Sexual harassment epidemic in rural Australia


Skye Saunders


I grew up on a small property in Central Western NSW. Like so many rural women, I have memories of being humiliated in my teens by sexualised behaviours in public spaces. I remember being incredibly embarrassed because one pack of lads noticed that I have a slightly protruding sternum and so drew gleeful conclusions that I had ‘an extra boob for the taking.’ (I became known to them as ‘Three Sisters’ which really was mortifying). My response then was to do nothing and, I am ashamed to say, to muster up the odd fake laugh at my own expense.

Sexual harassment is a common occurrence for 73 percent of the 107 rural Australian women I interviewed as part of my national research project, Whispers from the bush: Sexual Harassment in Rural Australian Workplaces. Staggeringly, 93 percent of the women employed on farms and stations reported being the subject of cruel, sexualised behaviour in the ordinary course of their day-to-day work.

While sexual harassment isn’t unique to rural workplaces, it’s particularly problematic for women in the bush as they tend to work in relative isolation, value their jobs in a particularly competitive rural workforce and are situated in smaller communities where patriarchal values are often more deeply entrenched.

During my research, I was inundated with messages from country women of various occupations (there were jillaroos, police officers, shearers, barmaids, nurses and vineyard workers, for example) and spanning different age groups and cultural backgrounds. I conducted the majority of the interviews face-to-face, taking place right across Australia in small towns from Kalgoorlie to Coonabarabran.


 It didn’t take long for a snapshot of rural working women to develop and for some seriously troubling data to emerge. The type of sexual harassment encountered by rural women ranged from being subjected to inappropriate jokes to being exposed to pornography in tea rooms or trucks, to unwanted touching such as grabbing a woman’s chest or, in the most extreme cases – rape at the workplace.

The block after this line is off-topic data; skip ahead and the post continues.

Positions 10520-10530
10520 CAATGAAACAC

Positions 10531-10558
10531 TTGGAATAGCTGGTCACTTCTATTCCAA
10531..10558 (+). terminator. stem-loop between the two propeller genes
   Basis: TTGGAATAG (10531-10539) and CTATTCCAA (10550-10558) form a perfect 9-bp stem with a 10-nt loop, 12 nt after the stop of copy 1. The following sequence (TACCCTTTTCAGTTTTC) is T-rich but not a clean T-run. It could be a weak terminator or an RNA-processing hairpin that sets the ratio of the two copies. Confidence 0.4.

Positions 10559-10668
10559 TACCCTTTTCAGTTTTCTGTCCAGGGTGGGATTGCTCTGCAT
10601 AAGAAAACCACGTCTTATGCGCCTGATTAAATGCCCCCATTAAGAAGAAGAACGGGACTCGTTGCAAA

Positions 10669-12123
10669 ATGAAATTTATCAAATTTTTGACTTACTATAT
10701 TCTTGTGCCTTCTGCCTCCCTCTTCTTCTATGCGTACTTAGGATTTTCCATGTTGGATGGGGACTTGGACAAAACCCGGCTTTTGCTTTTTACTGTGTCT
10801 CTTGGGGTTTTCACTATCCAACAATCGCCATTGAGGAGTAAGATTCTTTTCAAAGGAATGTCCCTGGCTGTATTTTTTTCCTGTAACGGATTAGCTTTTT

One woman spoke of having to camp overnight with her male colleagues in the course of a cattle run and being kept awake as they gathered near her and watched pornographic films on a portable DVD player. Another woman described the wolf whistles endured daily whenever she gets changed in an open field with a group of male colleagues before entering a mine. Yet another woman put up with male colleagues urinating in her work boots as an almost daily occurrence.

It’s much harder to report sexual harassment in the bush, since inappropriate behaviours can often occur where there are no witnesses. Victims may also be afraid to speak out for fear of being ridiculed or deemed a ‘troublemaker’, they may worry about putting their jobs at risk, becoming the subject of community gossip or having no proper avenue to report the harassment.

Sadly, the effect of not speaking out about sexual harassment is that a culture of tolerance or acceptance can develop. I believe it’s time to start a national conversation about the sexualised treatment of women in the rural workplace, to reassess our expectations as women operating in traditionally male dominated cultures and to challenge behaviours that do not meet our expectations and legal rights.

My six-year-old daughter recently came home from school in a state of apoplexy because she was cross about a little boy’s breach of the school’s ‘hands off, feet off’ policy. She explained that she had been grabbed as she dangled from the monkey bars. When I asked her how she handled it, her flat palm determinedly projected itself towards my face in demonstration and shouted: “Stop! I don’t like it!”

The boy apparently said sorry. This level of assertiveness and the development of a zero-tolerance culture of sexual harassment is our goal. It is time to turn up the volume on the quietest whispers from Australia’s heartland.


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